I am tired. I am tired of pop-cultural artifacts that render Black people as merely Black bodies onto which the sins of this ragged country are violently mapped. I am tired of suffering being the primary lens through which we understand Black identity. I am tired of being so hungry for Black joy and Black representation that scraps feel like a meal. I am tired of films about slavery refusing to acknowledge the interior lives of Black women even as their beings become tools for filmmakers to explore the horrors of the enslaved. I am tired of thin characterization and milquetoast social messaging being the kind of representation Black folks receive. I am tired of films like Antebellum.
The feature debut of writer-director duo Gerard Bush and Christopher Renz is seemingly poised — with an overly serious demeanor — to provoke a reckoning. Especially if you ask its directors, who, in an introduction that preceded the version of their film I watched, prattled on about their lofty goal to “activate a conversation” that is “of and for this moment.” Instead, Antebellum reaffirms the very horror it’s trying to critique.
Beginning with the ostentatious opening tracking shot — snaking its way through plantation grounds, noting the hard work of the Black folks on the land and the white Confederate soldiers watching their every move — we are plunged into a world both strange and achingly familiar. A world of picked cotton and casual cruelty, prim southern ritual and uninhibited brutality. But there is something amiss about the plantation on which Eden (Janelle Monáe) is viciously abused and from which she continuously tries to escape. The first cue that things are far from what they seem is the appearance of a golden septum piercing glinting in the light on the face of another enslaved woman as she futilely tries to break free and is unceremoniously killed for it.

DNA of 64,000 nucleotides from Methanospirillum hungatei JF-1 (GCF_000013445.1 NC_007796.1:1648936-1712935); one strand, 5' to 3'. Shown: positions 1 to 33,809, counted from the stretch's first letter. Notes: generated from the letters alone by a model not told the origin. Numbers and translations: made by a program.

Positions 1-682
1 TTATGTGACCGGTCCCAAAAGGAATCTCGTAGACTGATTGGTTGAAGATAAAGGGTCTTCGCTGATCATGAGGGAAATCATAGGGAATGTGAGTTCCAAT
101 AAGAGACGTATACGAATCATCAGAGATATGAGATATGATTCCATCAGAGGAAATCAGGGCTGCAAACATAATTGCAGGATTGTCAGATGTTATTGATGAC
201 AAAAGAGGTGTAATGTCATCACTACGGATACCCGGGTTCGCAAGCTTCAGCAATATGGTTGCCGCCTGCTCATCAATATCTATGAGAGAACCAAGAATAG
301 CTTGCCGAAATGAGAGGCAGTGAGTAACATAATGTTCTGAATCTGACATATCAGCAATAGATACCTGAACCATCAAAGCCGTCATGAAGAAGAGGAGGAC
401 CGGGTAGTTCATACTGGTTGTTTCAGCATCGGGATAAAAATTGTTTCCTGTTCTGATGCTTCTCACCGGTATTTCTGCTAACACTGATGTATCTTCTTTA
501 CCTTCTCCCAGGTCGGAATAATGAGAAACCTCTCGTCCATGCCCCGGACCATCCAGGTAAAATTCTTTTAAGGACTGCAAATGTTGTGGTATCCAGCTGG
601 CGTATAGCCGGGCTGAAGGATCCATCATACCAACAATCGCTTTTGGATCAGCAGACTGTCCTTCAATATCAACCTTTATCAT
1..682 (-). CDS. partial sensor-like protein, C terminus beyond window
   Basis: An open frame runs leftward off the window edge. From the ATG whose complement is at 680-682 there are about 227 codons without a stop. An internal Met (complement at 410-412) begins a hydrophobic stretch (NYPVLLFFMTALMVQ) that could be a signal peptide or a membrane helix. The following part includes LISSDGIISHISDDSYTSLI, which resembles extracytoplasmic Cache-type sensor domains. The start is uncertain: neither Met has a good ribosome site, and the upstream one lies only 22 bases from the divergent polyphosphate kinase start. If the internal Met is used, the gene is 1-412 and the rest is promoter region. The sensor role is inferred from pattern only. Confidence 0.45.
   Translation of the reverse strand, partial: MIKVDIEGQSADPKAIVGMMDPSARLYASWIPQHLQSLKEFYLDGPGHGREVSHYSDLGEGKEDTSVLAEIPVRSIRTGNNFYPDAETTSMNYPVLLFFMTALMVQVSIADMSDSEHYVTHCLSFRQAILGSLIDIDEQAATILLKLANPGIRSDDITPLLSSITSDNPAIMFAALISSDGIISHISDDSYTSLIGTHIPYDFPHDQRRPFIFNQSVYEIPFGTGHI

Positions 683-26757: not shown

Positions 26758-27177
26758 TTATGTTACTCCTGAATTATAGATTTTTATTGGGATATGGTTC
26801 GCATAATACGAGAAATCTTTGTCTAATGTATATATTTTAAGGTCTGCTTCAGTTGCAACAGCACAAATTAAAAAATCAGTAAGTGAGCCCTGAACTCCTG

But before we learn anything about Eden’s reality, before we even know her actual name, we witness profound violence against her, first in a harrowing scene in which she’s branded. After 40 minutes of unrelenting torture in antebellum dress, the film turns on its axis. Monáe is reintroduced as Veronica Henley, a famous writer and activist of considerable wealth, with a doting husband and young daughter. Here, we get more detail about her lavish home than the actual characters who live there with her, the camera panning across the luxe interior and photographs of Veronica competing in horse-jumping events (a subtle gesture to what’s to come in the third act). At one point in this contemporary setting, Veronica says to a friend, “My nana used to say our ancestors haunt our dreams to see themselves forward.” The line suggests a multitude of fantastical pathways for Antebellum. Is this story like something out of Octavia Butler’s Kindred? Is the Monáe we saw before a figment of the memories of Veronica’s distant relatives? Is there something supernatural afoot? No. Instead, the filmmakers choose a more banal explanation. Her link to the plantation we witness in the first act of the film is less imaginative than that slip of dialogue suggests.
Antebellum ends up being a noxious tour of historic violence against Black folks in service of a story that has nothing novel to say about the obliterating function of whiteness and anti-Black racism. Lacking a strong point of view to grant interiority to its characters, its approach to horror and social commentary becomes deadened. On the level of craft, Antebellum assumes beauty — the film is obsessed with depicting the magic hour in all its sherbet-hued glory — is inherently rich with meaning. As a result, the world-building is slapdash, confusing obfuscation with intrigue. Antebellum is an artistic failure of two directors whose goals supersede their ability to meet them, festering with not only aesthetic and narrative failures but moral ones too: It implicitly argues that depictions of suffering are the best means of understanding what it means to be Black in America.